- Seven technology predictions for 2014
- French Treasury accidentally signs SSL certificate for Google.com domains
- Hacker-built drone can hunt, hijack other drones
- Blue Cross: 840,000 healthcare records at risk after laptop theft
- The week in security: Microsoft fights NSA as shadow IT bites business
privacy in pictures
Twitter has reversed a controversial policy change announced Thursday that would let a user block others on Twitter, but the blocked people could still continue to follow and see the user's tweets and interact with them.
The French Senate has passed a law giving government officials warrantless access to live login and user location data from ISPs and websites, angering Internet companies and human rights groups.
Europe’s top legal advisor ruled on Thursday that the blanket retention of data, even to combat crime, is incompatible with fundamental rights.
Critics of the U.S. National Security Agency's bulk collection of U.S. residents' telephone records should offer a better way to track terrorists and protect the country against attacks, the agency's director said Wednesday.
An Arizona lawmaker is eyeing an unusual way of reigning in the National Security Agency, which has been under fire for questionable surveillance practices: Block it from operating in her state.
Anyone who's paid attention to computer security over the past few years will probably tell you that your password isn't enough. Passwords are often awkward and hard to remember--leading people to use the same password for multiple sites--and if someone gets a hold of your login credentials, they can wreak havoc with your personal information. Not good.
Your email address is like your home address: Never give it out unless absolutely necessary.
It was a shock when David Petraeus--a respected and highly-decorated Army general--abruptly stepped down from his post as the director of the CIA earlier this week. It was even more of a jolt to learn that his resignation was due to an extramarital affair. But, the real story might be the fact that the affair came to light more or less accidentally as a result of poor email and privacy practices.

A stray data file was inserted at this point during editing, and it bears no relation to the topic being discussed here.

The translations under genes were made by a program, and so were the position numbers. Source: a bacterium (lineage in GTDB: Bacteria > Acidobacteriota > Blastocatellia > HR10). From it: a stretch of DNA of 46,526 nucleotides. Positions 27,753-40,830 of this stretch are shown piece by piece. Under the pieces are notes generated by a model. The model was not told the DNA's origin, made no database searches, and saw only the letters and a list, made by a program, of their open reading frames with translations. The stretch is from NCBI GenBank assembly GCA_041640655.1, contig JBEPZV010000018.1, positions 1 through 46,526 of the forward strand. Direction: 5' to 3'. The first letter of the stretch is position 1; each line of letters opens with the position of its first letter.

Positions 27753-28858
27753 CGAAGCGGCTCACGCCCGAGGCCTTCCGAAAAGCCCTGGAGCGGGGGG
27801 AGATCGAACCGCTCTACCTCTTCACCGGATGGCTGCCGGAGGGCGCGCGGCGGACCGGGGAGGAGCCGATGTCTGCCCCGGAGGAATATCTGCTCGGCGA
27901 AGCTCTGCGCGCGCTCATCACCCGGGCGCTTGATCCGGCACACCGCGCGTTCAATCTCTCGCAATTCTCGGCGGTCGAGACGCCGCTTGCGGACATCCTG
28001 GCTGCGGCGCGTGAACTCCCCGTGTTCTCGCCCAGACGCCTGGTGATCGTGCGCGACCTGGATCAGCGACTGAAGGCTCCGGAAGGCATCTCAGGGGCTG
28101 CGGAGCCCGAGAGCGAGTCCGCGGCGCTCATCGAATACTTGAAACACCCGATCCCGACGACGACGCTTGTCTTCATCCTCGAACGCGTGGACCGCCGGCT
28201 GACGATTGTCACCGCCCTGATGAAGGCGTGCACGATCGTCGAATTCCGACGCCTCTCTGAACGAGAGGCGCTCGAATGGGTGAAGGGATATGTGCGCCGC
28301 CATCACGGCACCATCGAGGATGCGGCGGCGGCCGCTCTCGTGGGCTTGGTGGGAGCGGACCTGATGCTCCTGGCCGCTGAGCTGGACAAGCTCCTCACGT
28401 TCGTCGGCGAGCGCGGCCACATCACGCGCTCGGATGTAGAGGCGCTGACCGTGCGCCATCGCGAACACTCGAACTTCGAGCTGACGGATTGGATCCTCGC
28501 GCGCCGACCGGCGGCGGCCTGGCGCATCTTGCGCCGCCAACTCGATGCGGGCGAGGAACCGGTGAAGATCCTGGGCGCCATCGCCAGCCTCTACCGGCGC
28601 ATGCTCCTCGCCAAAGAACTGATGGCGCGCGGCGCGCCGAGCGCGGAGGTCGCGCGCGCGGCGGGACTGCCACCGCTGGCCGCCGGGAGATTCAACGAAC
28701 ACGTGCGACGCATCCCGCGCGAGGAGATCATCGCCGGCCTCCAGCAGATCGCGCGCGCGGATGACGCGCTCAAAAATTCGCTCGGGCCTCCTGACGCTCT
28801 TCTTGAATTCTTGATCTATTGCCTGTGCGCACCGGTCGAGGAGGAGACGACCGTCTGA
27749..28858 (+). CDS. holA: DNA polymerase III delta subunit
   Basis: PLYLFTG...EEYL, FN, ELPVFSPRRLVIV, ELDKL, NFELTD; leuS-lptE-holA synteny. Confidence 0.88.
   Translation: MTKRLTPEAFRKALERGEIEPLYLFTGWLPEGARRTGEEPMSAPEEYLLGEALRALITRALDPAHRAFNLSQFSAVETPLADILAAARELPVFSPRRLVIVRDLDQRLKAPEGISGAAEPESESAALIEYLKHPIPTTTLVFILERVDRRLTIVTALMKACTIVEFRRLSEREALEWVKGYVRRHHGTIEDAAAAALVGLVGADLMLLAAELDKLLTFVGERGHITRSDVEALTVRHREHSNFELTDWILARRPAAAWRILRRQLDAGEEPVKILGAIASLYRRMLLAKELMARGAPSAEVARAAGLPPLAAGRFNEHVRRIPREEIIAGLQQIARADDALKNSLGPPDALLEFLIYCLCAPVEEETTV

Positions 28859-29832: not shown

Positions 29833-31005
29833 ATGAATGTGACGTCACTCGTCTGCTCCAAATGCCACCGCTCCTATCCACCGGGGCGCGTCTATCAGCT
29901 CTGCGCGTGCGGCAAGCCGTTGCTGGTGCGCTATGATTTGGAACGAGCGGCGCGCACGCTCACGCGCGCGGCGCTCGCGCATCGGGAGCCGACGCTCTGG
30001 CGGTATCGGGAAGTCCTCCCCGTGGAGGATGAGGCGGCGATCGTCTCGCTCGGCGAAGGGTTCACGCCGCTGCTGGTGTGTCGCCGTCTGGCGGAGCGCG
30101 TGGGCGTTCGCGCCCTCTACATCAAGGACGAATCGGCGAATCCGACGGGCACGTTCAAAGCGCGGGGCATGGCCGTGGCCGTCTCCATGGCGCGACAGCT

Computerworld Hong Kong took an in-depth look at the top ten events that shook the local and global IT world in 2013.
Apple's App Store, Google's Play store and other app stores are packed with apps that can compromise your security and privacy without you ever knowing anything bad happened. What's a mobile app user to do?
Amazon's nascent plan to use unmanned drones to deliver packages to customers has already raised strong privacy concerns that could ultimately nip it in the bud.
Any effort to rein in the National Security Agency after its widespread spy activities were revealed in leaked documents must focus on more than simply limiting what personal data can be collected.
The government's insistence, in its dispute with Lavabit, that cloud service providers hand over their encryption keys when asked, has refocused attention on the issue of key ownership and management in the cloud.
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Incident handling is a vast topic, but here are a few tips for you to consider in your incident response. I hope you never have to use them, but the odds are at some point you will and I hope being ready saves you pain (or your job!).
- Have an incident response plan.
- Pre-define your incident response team
- Define your approach: watch and learn or contain and recover.
- Pre-distribute call cards.
- Forensic and incident response data capture.
- Get your users on-side.
- Know how to report crimes and engage law enforcement.
- Practice makes perfect.
I’m dating myself, but I remember when holiday shopping involved pouring through ads in the Sunday paper, placing actual phone calls from tethered land lines to research product stock and availability, and actually driving places to pick things up. Now, holiday shoppers can do all of that from a smartphone or tablet in a few seconds, but there are some security pitfalls to be aware of.